Some on the left cite Cuba as an exception to this rule, but it really isn’t. Cuba led virtually all countries in Latin America in life expectancy in 1959, before a communist regime took power in Cuba. But today, countries like Panama and Chile that once had shorter life expectancies than Cuba now have slightly longer life expectancies (even if you trust official Cuban government statistics), even though countries like Panama were much poorer than Cuba before Cuba became Communist, and had a much shorter average lifespan.

As the progressive economist Brad DeLong admits (he calls it “hideously depressing”), Cuba’s health achievements predated Castro and Communism, and Cuba’s relative position in health and education has eroded under Communism:

Cuba in 1957–was a developed country. Cuba in 1957 had lower infant mortality than France, Belgium, West Germany, Israel, Japan, Austria, Italy, Spain, and Portugal. Cuba in 1957 had doctors and nurses: as many doctors and nurses per capita as the Netherlands, and more than Britain or Finland. Cuba in 1957 had as many vehicles per capita as Uruguay, Italy, or Portugal. Cuba in 1957 had 45 TVs per 1000 people–fifth highest in the world. Cuba today has fewer telephones per capita than it had TVs in 1957.  . .Thus I don’t understand lefties who talk about the achievements of the Cuban Revolution: “…to have better health care, housing, education, and general social relations than virtually all other comparably developed countries.”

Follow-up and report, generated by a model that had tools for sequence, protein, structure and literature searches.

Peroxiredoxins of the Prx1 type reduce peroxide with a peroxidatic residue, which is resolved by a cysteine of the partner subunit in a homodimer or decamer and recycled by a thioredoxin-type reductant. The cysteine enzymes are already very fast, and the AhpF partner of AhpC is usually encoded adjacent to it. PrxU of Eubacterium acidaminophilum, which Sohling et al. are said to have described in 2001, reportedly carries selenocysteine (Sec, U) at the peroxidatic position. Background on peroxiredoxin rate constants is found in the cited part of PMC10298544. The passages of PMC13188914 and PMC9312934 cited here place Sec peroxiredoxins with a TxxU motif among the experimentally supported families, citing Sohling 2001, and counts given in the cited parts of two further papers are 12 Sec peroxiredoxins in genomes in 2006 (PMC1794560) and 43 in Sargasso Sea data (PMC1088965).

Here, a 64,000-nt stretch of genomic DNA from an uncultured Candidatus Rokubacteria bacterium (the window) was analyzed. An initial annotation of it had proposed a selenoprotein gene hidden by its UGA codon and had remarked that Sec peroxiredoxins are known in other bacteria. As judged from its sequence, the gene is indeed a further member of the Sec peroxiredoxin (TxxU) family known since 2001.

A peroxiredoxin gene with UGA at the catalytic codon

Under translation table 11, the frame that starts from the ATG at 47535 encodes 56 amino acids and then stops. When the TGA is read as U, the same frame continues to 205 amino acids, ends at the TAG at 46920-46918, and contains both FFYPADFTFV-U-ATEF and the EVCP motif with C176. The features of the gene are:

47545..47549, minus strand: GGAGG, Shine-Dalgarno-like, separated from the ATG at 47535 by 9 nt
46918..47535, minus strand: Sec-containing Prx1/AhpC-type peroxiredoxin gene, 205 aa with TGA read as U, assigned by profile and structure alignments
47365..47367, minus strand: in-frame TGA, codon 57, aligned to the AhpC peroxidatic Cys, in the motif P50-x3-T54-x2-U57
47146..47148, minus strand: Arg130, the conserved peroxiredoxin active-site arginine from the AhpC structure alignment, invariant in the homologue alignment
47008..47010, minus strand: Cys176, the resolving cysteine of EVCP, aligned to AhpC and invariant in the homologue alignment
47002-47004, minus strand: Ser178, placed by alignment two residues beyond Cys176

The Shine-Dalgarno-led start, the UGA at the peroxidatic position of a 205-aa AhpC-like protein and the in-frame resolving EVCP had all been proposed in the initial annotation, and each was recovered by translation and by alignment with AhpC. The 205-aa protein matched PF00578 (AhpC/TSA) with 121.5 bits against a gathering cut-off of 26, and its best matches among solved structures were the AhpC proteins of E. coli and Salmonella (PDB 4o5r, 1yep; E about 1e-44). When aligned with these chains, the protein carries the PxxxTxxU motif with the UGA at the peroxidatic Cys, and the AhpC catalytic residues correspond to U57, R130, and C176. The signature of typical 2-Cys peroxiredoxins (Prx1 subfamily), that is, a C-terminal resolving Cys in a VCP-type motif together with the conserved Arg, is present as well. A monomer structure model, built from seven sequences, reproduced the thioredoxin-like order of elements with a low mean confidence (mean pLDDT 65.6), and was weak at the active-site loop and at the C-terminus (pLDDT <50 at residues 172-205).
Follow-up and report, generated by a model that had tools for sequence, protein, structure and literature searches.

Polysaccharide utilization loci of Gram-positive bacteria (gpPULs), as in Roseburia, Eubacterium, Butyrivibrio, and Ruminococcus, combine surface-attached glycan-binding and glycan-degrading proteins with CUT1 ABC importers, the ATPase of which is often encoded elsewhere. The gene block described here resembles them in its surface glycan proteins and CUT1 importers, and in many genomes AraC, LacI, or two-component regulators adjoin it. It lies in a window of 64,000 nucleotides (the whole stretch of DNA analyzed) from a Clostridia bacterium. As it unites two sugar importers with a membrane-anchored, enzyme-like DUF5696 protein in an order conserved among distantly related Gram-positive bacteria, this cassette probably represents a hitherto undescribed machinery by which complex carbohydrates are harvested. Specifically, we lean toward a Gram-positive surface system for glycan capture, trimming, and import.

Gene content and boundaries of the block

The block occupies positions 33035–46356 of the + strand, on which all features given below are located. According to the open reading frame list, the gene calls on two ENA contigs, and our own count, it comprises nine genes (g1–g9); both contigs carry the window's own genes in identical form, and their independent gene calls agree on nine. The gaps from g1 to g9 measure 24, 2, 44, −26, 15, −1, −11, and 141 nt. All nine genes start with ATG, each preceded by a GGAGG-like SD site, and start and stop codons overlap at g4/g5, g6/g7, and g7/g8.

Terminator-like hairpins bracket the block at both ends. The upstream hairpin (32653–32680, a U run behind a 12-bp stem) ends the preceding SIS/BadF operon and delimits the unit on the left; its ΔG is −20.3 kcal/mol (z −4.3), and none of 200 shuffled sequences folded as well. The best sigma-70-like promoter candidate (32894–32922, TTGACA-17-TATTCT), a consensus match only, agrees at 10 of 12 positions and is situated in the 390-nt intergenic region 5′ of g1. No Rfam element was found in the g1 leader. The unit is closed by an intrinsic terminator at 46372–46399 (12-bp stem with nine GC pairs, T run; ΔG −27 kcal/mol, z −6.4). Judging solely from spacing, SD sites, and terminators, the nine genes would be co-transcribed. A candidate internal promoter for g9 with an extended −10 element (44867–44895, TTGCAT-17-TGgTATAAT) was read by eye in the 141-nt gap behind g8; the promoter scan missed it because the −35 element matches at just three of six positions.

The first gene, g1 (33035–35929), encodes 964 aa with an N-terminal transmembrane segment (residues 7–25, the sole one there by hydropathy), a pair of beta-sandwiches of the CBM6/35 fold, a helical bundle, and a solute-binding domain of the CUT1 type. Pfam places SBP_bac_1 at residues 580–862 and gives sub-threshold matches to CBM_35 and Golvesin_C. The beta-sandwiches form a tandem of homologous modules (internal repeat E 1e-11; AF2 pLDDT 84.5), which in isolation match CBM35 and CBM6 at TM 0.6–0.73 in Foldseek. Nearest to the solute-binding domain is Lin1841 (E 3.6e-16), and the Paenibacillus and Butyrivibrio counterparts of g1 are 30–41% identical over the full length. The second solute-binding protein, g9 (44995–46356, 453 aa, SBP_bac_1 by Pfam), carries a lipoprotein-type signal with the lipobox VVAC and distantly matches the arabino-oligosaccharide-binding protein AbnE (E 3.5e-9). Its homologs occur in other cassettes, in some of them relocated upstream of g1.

Such “achievements” are just a myth, since Communism slowed Cuba’s progress in life expectancy, and made the country regress and fall behind in things like living standards, transportation, and communications. Economic freedom has recently declined in the U.S., although, thankfully, not remotely to the degree it did in Cuba under Castro.

Under the Obama administration, America has declined not just on the Index of Economic Freedom, but also in other rankings, like the World Economic Forum’s global competitiveness rankings. America now ranks only 42nd in property rights protections, far lower than when Obama took office. (I cite the World Economic Forum for the sake of balance, since they are not conservatives or “small-government libertarians.”)

The Cato Institute’s Dan Mitchell gives “a few additional highlights” from the World Economic Forum, although he concedes that “lowlights might be a better word.”

  • The United States scores 42nd in property rights, behind Namibia and Uruguay.
  • The United States ranks 59th in government favoritism, behind Guinea and Bolivia.
  • The United States scores 76th in wastefulness in government spending, behind Mali and Nicaragua.
  • The United States also is 76th in the burden of government regulation, behind Kenya and Thailand.”
Hans Bader

Hans Bader

Hans Bader practices law in Washington, D.C. After studying economics and history at the University of Virginia and law at Harvard, he practiced civil-rights, international-trade, and constitutional law. He also once worked in the Education Department. Hans writes for CNSNews.com and has appeared on C-SPAN’s “Washington Journal.” Contact him at hfb138@yahoo.com